One of the hottest gadgets of Christmas 1997 was the Philips Velo 1. It was a Handheld PC (sometimes called a “palm top”) and it was absolutely tiny:
When closed, this bad boy was smaller than most paperback books. It ran a Philips MP3910 chip at a blistering 36.864 MHz (yes, that was sarcasm). It had 4 whole megabytes of RAM and 8 whole megabytes of storage space. It rocked a 480×240 monochrome monitor, had a built-in 14.4kbit/s modem and connected to your computer using RS-232.
It was, compared to even the cheapest Chinese knockoff electronic organizers of today, absolutely awful. But it was also bad ass! I could whip this puppy out at a bar or restaurant and people would crane their necks to get a peek at it. And connecting to the Internet via dial-up on this thing made a lot of people (even me) absolutely giddy! Seriously – it almost seemed like something out of a James Bond movie!
I once worked at place where I had a very specific job; it was made very clear to me by the management that if I had nothing to do, I was supposed to sit at my desk and do nothing. As a contractor, I was not allowed to have an email address. The company’s firewall prevented access to (literally) 98% of the Internet, and I was “strongly discouraged” from bringing in books or magazines to pass the time. So I’d sneak in my Velo 1 and connect to the ‘Net via dial-up. I’d check email and surf a few sites… but the main thing I’d do was talk to this 19 year-old Israeli girl I’d met on ICQ (and no, it wasn’t “that kind” of chatting; she just seemed to be online ALL THE TIME).
While I loved my Velo 1, the main problem with the thing is that it ran Windows CE 1.0. Just typing that made me wince! (Get it? Windows CE? WinCE? Wince?) That OS was a complete disaster. As you can tell by the above picture, the operating system looked just like Windows 95 or Windows 98… which would have been great, except Start Menus and taskbars and system trays are a horrible idea on a device with a 5.1″ screen. And the device, for some godawful reason, supported multitasking, which meant that you’d sometimes have to use the built-in stylus to manually move windows around… on a 5.1″ screen. I was able to eventually upgrade it to (IIRC) Windows CE 2.1, which was slightly better. But still, there just weren’t a lot of apps for WinCE out there, and many of the ones that did exist weren’t that great. And synching the device via serial port seemed to take FOREVER, even though the amount of data being transferred wasn’t all that much.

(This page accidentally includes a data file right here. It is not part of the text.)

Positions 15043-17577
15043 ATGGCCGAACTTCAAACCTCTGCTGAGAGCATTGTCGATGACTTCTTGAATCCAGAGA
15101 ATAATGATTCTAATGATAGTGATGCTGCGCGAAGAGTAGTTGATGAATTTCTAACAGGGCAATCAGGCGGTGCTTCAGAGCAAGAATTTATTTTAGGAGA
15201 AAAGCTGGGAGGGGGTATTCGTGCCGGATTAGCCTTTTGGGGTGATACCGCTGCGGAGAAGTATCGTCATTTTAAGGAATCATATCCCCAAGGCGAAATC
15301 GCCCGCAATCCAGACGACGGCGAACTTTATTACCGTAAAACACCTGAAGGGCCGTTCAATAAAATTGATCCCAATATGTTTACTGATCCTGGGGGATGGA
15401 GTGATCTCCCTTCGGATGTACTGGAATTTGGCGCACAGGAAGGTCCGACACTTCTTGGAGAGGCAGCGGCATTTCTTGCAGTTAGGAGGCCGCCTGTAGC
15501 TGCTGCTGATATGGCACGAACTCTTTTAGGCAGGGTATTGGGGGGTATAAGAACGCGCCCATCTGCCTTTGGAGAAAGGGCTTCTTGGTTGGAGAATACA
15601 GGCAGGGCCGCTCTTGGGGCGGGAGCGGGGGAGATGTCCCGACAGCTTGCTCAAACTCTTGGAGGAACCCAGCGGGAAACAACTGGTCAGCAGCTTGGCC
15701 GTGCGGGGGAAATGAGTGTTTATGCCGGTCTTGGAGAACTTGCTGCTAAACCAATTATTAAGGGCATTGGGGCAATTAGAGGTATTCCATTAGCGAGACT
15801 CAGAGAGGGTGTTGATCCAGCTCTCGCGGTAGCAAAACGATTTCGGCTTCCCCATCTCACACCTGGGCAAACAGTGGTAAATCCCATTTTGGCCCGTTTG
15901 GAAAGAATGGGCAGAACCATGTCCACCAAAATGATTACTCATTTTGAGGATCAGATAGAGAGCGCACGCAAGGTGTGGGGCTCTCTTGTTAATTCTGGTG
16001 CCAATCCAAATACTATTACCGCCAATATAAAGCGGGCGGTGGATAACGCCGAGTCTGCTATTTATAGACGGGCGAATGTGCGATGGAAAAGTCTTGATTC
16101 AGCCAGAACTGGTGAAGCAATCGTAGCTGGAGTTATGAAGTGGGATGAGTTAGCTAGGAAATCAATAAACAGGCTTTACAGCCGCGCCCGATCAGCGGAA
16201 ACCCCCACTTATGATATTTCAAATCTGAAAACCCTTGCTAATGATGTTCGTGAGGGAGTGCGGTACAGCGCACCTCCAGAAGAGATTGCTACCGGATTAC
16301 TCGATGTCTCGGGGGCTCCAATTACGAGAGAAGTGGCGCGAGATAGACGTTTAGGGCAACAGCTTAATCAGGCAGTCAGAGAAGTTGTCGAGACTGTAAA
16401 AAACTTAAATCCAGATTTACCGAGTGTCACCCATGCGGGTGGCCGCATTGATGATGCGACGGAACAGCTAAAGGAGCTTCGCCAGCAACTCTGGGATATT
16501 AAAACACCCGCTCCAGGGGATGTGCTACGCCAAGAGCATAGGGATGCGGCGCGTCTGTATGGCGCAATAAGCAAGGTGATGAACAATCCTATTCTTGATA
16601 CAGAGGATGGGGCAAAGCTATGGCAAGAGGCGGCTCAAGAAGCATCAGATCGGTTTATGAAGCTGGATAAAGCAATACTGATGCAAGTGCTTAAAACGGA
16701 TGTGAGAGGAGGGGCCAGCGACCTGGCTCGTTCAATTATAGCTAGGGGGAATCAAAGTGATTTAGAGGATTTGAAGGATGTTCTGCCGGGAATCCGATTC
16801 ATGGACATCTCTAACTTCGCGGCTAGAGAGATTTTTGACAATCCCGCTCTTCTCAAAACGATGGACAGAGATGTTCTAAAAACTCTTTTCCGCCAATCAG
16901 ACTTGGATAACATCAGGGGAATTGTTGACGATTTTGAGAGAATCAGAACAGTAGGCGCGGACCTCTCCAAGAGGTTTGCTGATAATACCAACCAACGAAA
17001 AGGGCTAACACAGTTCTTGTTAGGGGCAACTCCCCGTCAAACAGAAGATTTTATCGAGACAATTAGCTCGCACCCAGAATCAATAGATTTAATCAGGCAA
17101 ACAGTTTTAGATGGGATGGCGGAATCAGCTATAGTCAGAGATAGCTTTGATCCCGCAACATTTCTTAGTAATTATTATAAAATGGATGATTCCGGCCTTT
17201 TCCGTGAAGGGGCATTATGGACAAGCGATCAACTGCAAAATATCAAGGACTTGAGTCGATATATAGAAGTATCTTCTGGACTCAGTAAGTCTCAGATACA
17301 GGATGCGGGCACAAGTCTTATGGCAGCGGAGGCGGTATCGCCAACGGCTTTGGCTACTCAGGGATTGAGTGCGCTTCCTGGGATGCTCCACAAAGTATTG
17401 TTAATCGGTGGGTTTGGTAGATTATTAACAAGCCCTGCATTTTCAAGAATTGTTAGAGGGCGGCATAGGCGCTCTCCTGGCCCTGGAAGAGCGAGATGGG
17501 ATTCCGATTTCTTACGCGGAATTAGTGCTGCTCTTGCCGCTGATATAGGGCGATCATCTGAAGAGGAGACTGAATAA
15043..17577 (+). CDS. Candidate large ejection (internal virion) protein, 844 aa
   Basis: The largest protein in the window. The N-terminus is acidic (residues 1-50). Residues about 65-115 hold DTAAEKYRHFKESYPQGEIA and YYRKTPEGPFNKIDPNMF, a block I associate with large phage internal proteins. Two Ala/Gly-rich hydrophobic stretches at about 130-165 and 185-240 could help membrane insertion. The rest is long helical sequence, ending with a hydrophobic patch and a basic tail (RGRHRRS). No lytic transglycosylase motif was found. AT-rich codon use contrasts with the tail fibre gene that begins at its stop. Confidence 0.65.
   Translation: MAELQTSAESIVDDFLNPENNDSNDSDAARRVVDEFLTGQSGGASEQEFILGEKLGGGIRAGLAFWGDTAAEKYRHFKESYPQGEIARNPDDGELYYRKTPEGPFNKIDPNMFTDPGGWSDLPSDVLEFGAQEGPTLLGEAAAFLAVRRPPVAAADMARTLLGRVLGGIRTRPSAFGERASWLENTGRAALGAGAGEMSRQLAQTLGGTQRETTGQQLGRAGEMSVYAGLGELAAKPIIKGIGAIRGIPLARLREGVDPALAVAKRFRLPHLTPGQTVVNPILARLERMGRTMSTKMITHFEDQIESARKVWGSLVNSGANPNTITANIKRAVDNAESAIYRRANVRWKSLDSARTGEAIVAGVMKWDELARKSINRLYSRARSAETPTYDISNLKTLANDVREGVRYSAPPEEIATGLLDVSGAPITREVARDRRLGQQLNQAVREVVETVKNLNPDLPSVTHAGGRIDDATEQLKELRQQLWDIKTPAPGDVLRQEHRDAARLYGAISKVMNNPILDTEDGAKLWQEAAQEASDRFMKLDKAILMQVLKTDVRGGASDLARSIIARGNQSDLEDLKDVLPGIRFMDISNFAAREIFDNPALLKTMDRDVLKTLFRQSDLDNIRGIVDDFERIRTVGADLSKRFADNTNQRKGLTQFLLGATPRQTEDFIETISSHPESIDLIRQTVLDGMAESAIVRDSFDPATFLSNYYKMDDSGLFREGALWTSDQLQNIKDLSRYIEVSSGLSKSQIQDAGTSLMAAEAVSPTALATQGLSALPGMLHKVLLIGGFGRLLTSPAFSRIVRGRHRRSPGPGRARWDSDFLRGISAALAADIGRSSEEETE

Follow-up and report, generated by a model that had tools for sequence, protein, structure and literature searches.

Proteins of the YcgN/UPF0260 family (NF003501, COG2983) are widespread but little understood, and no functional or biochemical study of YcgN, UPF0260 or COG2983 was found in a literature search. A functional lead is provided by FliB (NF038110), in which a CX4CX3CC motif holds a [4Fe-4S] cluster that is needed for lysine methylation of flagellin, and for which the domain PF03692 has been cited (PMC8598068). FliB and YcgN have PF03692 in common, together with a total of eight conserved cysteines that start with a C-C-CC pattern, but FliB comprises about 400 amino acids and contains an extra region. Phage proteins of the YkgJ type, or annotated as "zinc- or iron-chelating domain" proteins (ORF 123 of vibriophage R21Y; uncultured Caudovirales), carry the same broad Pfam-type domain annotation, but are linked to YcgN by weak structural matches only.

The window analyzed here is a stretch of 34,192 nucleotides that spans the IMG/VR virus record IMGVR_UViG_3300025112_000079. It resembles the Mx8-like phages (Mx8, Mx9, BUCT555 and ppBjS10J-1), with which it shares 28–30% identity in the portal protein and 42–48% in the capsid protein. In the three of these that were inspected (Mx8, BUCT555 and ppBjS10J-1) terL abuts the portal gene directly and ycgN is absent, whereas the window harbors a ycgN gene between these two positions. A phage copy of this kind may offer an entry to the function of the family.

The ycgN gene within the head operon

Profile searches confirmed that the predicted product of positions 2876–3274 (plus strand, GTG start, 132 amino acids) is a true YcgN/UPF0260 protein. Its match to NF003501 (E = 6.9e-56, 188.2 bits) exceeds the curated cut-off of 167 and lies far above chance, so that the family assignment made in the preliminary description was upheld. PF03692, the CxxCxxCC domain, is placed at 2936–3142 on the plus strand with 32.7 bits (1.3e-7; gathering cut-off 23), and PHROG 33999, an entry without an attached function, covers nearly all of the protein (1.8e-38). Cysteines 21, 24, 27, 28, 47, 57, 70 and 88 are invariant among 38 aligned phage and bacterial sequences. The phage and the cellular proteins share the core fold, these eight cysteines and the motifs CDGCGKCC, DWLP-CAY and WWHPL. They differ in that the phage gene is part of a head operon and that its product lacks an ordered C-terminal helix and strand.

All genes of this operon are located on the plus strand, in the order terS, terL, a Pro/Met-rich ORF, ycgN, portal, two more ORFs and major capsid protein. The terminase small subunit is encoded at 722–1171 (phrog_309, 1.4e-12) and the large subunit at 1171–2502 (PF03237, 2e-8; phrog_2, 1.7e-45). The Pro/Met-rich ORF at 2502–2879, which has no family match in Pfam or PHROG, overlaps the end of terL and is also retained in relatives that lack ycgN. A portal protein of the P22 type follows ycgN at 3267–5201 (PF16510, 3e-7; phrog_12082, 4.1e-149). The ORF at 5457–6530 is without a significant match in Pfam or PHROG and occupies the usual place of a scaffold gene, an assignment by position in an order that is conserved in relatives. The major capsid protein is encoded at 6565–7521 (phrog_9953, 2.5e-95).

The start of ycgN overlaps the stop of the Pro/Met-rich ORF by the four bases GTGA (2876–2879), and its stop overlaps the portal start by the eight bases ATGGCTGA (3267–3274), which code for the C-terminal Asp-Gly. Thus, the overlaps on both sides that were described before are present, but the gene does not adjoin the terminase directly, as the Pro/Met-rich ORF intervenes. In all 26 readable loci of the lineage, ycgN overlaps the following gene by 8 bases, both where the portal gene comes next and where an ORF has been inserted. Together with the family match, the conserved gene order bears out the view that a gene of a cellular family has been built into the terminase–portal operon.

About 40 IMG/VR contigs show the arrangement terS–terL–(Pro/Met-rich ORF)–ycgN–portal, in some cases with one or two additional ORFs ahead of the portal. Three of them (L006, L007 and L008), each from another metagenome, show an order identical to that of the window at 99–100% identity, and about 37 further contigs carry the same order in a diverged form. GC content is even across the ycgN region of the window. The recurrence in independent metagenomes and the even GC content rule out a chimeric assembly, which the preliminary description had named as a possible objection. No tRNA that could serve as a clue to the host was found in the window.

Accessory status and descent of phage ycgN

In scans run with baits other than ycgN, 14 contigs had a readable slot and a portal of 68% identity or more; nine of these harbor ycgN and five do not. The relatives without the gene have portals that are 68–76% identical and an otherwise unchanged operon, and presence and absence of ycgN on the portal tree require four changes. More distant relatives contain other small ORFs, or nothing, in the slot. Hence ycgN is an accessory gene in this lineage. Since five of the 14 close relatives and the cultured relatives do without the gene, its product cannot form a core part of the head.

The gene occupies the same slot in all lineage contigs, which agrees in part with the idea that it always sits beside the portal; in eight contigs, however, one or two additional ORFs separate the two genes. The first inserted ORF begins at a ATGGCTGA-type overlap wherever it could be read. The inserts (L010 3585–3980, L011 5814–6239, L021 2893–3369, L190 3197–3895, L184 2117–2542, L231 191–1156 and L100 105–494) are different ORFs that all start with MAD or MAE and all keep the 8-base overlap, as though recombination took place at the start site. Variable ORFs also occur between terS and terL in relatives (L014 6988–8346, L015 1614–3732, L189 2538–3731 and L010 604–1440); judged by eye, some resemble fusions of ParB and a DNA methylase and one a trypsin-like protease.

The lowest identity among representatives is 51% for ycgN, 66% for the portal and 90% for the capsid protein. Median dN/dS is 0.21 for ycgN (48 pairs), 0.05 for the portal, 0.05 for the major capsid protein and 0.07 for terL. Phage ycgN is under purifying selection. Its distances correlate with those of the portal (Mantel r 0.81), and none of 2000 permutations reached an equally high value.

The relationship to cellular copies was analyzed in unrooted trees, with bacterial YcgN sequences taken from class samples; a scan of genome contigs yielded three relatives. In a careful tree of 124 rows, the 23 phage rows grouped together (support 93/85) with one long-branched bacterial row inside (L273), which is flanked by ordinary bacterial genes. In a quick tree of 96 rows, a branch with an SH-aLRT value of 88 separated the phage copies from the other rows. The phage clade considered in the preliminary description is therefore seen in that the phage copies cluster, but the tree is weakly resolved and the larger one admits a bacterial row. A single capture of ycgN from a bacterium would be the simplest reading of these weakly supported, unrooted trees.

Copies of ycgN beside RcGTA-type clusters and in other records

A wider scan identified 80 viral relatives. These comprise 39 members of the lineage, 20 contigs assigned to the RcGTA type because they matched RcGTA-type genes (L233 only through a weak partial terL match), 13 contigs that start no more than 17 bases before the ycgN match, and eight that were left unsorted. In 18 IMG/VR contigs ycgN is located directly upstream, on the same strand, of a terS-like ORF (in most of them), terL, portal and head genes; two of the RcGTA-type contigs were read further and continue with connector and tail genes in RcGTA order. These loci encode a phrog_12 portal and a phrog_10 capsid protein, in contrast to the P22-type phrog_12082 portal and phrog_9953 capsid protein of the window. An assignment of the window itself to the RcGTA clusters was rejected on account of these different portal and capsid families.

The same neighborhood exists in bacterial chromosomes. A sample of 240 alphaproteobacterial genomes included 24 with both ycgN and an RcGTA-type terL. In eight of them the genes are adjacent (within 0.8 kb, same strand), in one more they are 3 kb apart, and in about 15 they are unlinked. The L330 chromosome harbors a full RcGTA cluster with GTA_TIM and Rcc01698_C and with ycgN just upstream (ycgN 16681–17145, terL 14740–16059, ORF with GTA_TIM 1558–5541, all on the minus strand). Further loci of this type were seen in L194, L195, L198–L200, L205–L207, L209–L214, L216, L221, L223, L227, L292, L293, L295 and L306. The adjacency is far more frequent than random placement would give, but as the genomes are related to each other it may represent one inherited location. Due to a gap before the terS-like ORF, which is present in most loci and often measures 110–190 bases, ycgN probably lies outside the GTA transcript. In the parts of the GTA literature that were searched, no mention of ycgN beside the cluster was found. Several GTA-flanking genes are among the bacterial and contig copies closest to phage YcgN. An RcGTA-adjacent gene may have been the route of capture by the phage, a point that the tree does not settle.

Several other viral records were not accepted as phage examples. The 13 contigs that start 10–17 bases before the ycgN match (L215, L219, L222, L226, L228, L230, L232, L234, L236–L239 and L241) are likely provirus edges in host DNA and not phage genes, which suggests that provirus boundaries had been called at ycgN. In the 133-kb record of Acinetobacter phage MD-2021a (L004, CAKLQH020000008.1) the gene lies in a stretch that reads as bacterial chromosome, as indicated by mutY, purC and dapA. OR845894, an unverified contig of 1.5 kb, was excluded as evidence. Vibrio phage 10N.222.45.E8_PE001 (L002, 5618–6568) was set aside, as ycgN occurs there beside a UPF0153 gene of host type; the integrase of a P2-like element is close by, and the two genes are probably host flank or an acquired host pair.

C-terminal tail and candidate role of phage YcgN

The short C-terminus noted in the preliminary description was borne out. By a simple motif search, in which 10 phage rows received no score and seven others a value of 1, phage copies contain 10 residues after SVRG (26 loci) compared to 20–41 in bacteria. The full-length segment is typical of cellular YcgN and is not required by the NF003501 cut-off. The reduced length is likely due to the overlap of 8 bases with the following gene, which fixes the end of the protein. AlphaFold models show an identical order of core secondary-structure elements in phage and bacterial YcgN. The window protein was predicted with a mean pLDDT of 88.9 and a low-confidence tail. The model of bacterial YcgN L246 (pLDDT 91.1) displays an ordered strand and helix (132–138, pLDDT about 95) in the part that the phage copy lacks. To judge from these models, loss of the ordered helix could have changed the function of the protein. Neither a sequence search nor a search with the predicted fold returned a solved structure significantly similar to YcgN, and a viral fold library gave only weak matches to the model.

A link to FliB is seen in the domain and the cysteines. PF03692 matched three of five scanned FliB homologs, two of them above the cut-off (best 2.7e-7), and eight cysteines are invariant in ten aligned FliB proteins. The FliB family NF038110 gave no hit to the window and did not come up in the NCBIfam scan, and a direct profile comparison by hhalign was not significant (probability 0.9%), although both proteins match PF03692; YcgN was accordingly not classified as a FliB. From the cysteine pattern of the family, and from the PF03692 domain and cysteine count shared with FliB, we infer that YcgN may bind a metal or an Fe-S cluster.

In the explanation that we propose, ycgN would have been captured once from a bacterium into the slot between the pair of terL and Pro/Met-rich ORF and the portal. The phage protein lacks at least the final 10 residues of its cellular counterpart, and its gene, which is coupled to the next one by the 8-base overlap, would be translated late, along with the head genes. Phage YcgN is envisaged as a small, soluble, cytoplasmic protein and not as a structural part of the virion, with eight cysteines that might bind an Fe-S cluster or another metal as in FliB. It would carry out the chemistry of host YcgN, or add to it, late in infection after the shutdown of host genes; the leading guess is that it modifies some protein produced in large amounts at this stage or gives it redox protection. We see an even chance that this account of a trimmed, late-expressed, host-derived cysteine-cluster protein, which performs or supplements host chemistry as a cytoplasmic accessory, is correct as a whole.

It’s really amazing that this device was almost “cutting edge” in its day… but less than three years later Compaq would release the insanely popular iPaq 3630. The iPaq had a vivid color screen, a 206 MHz processor, supported Wi-Fi via CF card, had a vast array of accessories (including a folding keyboard, which I used to take notes in meetings), and syncing with a desktop PC didn’t totally suck, either. The Velo 1 seemed like 1950s black and white TV, while the iPaq seemed like a late 1980s color TV. But a mere 30 months separated the two products!